By Keri Wyatt Kent, guidepost.
What are you afraid of? In which specific situation you’re facing is Jesus telling you “do not be afraid”?
While Jesus was still speaking, some people came from the house of Jairus, the synagogue leader. ‘Your daughter is dead,’ they said. ‘Why bother the teacher anymore?’ Overhearing what they said, Jesus told him, ‘Don’t be afraid; just believe.’” Mark 5:35–36 (NIV)
The most oft-repeated command in the Bible is simple and yet incredibly challenging: Do not be afraid. Jesus says it at disconcerting times: in the midst of a squall that threatens to swamp a boat, when he’s telling his disciples he’s leaving, when a child dies. Jairus looks at Jesus when he hears this awful news, and the look on his face must have prompted Jesus to quickly tell him not to be scared, that everything would be okay.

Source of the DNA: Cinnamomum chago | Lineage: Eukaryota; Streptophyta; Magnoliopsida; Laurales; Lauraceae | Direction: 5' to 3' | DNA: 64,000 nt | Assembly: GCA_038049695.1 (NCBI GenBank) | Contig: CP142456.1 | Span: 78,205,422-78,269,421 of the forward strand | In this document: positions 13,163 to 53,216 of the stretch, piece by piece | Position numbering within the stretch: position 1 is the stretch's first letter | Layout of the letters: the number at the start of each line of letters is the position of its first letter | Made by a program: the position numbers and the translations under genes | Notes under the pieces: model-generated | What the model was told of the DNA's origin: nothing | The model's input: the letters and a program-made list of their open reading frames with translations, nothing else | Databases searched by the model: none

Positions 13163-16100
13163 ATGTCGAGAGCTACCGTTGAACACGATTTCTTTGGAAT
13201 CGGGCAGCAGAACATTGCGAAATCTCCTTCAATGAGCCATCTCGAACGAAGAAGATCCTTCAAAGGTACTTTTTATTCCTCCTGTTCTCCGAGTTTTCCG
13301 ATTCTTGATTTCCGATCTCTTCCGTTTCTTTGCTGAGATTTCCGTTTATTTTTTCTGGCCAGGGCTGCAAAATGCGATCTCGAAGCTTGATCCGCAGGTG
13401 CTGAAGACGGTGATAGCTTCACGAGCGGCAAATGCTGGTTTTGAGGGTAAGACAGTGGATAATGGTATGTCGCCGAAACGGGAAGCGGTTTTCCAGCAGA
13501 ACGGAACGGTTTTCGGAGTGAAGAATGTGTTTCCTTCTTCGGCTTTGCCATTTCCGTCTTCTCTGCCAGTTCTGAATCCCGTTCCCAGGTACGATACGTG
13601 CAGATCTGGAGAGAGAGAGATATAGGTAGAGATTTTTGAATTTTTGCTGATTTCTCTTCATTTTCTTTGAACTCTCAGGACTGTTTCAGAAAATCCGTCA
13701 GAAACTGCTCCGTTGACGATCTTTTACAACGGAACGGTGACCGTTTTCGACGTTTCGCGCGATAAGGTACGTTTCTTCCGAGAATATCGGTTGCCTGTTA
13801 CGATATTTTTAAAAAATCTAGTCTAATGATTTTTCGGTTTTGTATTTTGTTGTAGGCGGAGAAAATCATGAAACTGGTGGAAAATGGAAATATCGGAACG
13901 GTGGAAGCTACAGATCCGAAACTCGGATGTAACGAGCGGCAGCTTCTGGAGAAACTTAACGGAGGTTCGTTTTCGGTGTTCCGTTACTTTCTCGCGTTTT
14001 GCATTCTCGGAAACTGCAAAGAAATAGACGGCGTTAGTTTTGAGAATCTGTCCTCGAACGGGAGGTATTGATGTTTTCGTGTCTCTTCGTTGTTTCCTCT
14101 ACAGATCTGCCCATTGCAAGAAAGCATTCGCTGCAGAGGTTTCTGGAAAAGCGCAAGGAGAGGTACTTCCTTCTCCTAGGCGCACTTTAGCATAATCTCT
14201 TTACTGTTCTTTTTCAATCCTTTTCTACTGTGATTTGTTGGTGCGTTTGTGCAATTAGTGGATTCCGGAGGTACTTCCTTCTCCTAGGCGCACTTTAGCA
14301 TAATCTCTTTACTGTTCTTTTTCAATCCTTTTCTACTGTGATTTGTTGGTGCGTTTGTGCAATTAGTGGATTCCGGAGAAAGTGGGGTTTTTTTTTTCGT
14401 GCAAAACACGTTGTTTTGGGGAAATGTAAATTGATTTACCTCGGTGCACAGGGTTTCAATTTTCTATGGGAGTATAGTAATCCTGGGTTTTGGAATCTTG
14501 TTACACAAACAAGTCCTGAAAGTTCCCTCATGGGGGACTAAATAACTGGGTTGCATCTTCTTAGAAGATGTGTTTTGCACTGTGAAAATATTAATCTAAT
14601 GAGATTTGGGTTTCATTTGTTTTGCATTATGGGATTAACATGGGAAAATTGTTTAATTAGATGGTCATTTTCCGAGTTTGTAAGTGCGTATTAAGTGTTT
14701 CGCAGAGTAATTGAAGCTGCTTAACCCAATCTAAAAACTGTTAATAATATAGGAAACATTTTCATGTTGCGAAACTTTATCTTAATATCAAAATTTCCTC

What are you afraid of? Often our fears are focused not on what is actually happening, but what could possibly happen. When a child or spouse is late coming home, we are afraid they’ve been in an accident. When we’re given a tough project at work, we’re afraid we won’t be able to do it. We don’t confront, because we’re afraid of conflict. In Jesus’ simple statement—“Don’t be afraid; just believe”—we learn that the antidote for fear is faith. But where do we summon up faith like that?
John Ortberg writes in Faith and Doubt of his experience on a high ropes course at camp with his daughter. He thought he believed the ropes would hold him and he would be safe. And yet when he actually got up on the course, he said, “I found out my body did not believe I was safe.” Ortberg concludes: “Faith is coming to believe with my whole body what I say I believe with my mind.”
When we are willing to take risks, to step out and believe the rope of God’s love will hold us, we begin to really believe, and our faith pushes our fear aside.